Oat, almond, spelt, and more — we’re breaking down the most popular flour substitutes and how they compare to their all-purpose counterparts.

My mom always tried to make her recipes a little healthier by sneaking in alternative ingredients. This meant flaxseeds in our pancakes and almond flour and coconut sugar in her cookies. I loved these ingredients, but my younger sister would complain. “Is it really that much healthier?” 

And that’s actually a great question. Is your chocolate chip cookie really better for you because you swapped white flour for almond, quinoa, chickpea, or another alternative flour? The short answer: Yes. 

All-purpose white flour is processed to remove the bran and germ, which store most of the wheat plant’s fiber and nutrients. The sole reason is to give white flour a smoother texture and a longer lifespan for storage. But we need fiber to help regulate our digestive system and nutrients to give us the energy to go about our day. So while your white flour can last as long as eight months in the pantry (crazy, right!?), it doesn’t offer much nutritional value. 

Flour Substitute Guide Bread Illustration

Illustration courtesy of Dana Campbell.

Flour Substitute Guide Cookies Illustration

Read more: Our Better-For-You Blueberry Lemon Pancakes Recipe

But how do alternative flours actually compare to standard, all-purpose white flour? Well, flours like almond, coconut, quinoa, or buckwheat are actually made from nuts and seeds — not grains — which means they’re also gluten-free. Other popular alternatives include oat, spelt, and chickpea flour, each with varying amounts of calories, protein, fat, carbs, and fiber. 

You may select a certain flour due to its nutrient content or which will be most compatible with your favorite recipe. No matter which alternative flour you choose, you can feel a little less guilty about adding in a few extra chocolate chips! Here’s a breakdown of what all these flour substitutes are made of and their benefits: 

  • Almond: Made from blanched and ground almonds, almond flour is rich in protein, unsaturated fats, and vitamin E and is often used to make biscuits, pancakes, brownies, and pasta. 
  • Coconut: Made from dried and ground coconut pulp, coconut flour is high in fiber and is a reliable alternative for cakes, cookies, and breads. 
  • Quinoa: Made from ground raw quinoa seeds, quinoa flour is known for its high protein content and is great for pancakes, breads, and gluten-free pizza crust.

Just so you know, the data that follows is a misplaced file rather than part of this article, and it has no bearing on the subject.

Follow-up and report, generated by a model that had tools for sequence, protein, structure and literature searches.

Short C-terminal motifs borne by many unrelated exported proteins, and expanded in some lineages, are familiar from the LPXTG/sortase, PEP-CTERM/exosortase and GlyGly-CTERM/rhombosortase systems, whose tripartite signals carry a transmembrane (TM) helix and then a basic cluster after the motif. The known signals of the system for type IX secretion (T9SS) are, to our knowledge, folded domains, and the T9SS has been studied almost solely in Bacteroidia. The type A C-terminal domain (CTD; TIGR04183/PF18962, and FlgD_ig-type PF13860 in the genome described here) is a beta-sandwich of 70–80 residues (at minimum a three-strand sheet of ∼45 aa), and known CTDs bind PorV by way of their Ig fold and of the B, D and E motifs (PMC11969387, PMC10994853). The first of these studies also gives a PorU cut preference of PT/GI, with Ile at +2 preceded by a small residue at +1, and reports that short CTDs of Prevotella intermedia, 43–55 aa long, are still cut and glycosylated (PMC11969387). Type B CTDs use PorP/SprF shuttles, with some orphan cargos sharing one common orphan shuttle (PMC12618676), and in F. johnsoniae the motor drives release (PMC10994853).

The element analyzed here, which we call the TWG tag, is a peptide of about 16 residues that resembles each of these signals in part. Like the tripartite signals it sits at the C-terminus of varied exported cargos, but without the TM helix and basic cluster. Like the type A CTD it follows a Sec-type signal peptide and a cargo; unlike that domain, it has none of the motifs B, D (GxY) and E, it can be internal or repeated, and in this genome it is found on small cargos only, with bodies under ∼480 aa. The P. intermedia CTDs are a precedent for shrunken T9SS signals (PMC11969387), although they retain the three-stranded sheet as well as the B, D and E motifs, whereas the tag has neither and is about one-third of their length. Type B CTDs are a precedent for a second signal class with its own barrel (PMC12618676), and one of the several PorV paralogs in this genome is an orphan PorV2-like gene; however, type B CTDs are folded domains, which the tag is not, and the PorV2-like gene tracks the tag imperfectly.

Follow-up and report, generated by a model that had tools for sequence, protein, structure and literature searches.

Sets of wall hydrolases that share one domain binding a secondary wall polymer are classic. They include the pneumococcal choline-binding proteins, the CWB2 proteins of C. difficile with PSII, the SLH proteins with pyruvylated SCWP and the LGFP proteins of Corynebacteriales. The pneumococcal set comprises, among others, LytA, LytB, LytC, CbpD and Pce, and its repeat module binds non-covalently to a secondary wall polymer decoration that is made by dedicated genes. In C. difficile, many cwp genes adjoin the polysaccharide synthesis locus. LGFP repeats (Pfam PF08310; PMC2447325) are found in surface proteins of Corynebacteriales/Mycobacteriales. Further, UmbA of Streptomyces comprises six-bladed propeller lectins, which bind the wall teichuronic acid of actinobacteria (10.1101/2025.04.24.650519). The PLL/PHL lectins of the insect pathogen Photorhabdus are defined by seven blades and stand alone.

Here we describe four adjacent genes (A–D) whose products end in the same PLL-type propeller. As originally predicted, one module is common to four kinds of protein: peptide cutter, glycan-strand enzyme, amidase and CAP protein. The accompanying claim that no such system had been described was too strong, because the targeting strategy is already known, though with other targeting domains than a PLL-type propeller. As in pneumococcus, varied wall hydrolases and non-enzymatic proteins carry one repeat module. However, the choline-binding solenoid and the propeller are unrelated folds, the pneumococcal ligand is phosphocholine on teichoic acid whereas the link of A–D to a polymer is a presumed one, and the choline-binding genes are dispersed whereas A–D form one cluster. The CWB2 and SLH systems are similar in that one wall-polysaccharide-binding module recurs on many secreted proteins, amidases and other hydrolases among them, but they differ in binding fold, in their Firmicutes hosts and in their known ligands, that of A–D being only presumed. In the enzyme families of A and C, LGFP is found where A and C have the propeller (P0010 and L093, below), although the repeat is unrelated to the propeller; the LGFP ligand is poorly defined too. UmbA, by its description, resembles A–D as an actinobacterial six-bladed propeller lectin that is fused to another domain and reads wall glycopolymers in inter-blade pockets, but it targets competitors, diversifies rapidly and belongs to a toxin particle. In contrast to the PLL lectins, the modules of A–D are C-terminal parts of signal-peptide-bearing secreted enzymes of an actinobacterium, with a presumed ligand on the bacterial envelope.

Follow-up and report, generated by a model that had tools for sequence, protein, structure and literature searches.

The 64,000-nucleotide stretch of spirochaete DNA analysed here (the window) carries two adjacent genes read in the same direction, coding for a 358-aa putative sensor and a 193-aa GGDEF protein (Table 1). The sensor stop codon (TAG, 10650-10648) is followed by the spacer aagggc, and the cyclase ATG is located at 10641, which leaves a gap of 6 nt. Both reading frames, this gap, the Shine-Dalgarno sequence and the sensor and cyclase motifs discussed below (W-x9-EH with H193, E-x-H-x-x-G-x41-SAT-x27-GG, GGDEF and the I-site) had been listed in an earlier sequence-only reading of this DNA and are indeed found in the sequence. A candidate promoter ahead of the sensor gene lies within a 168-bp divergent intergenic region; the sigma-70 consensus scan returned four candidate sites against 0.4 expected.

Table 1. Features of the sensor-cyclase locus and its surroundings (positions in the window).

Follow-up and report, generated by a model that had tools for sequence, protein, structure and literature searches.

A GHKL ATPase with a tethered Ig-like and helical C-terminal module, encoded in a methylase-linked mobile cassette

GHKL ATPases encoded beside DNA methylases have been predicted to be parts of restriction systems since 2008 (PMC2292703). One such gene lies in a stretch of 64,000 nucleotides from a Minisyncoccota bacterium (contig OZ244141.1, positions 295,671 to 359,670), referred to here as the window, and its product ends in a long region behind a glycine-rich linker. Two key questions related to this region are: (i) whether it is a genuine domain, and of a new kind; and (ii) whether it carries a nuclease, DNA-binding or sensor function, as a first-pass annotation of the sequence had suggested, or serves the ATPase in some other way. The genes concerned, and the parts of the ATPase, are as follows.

• Buckwheat: Made from grain-like buckwheat seeds, buckwheat flour is a good source of protein and fiber and is a preferred alternative in crepes, galettes, and quick breads. 
  • Oat: Made from ground oats, oat flour is rich in protein and fiber and is often used in protein bars, muffins, and fruit pies.
  • Spelt: A type of whole grain wheat flour (not gluten-free), spelt flour has high fiber and protein content and is a favorite in pancakes, breads, and scones. 
  • Chickpea: Made from dried and ground garbanzo beans, chickpea flour contains lots of protein and fiber and is a popular substitute in soups, veggie burgers, and flatbreads.  

All these alternative flours can be overwhelming. I’ve found it’s best to experiment with them to see which fits my needs and makes the best baked goods. Personally, I’m a big fan of oat flour because it’s super versatile — it’s an easy substitute, has a smooth, rich texture, and a simple, neutral taste. It also has a small environmental impact compared to other flours because oats need less land and water to grow. 

But what works for one person may not work for another. So test each of these alternative flours out and see which is your new, healthy favorite — we see a lot of cookies in your future. 

Flour Substitute Guide Crossaints Illustration

Illustration courtesy of Dana Campbell.

Flour Substitute Guide Baking Illustration

Read more: The Low-Down on Sugar Substitutions

Do you have a go-to flour alternative you love cooking with? Share it with us by tagging @avocadomattress on Instagram or Facebook.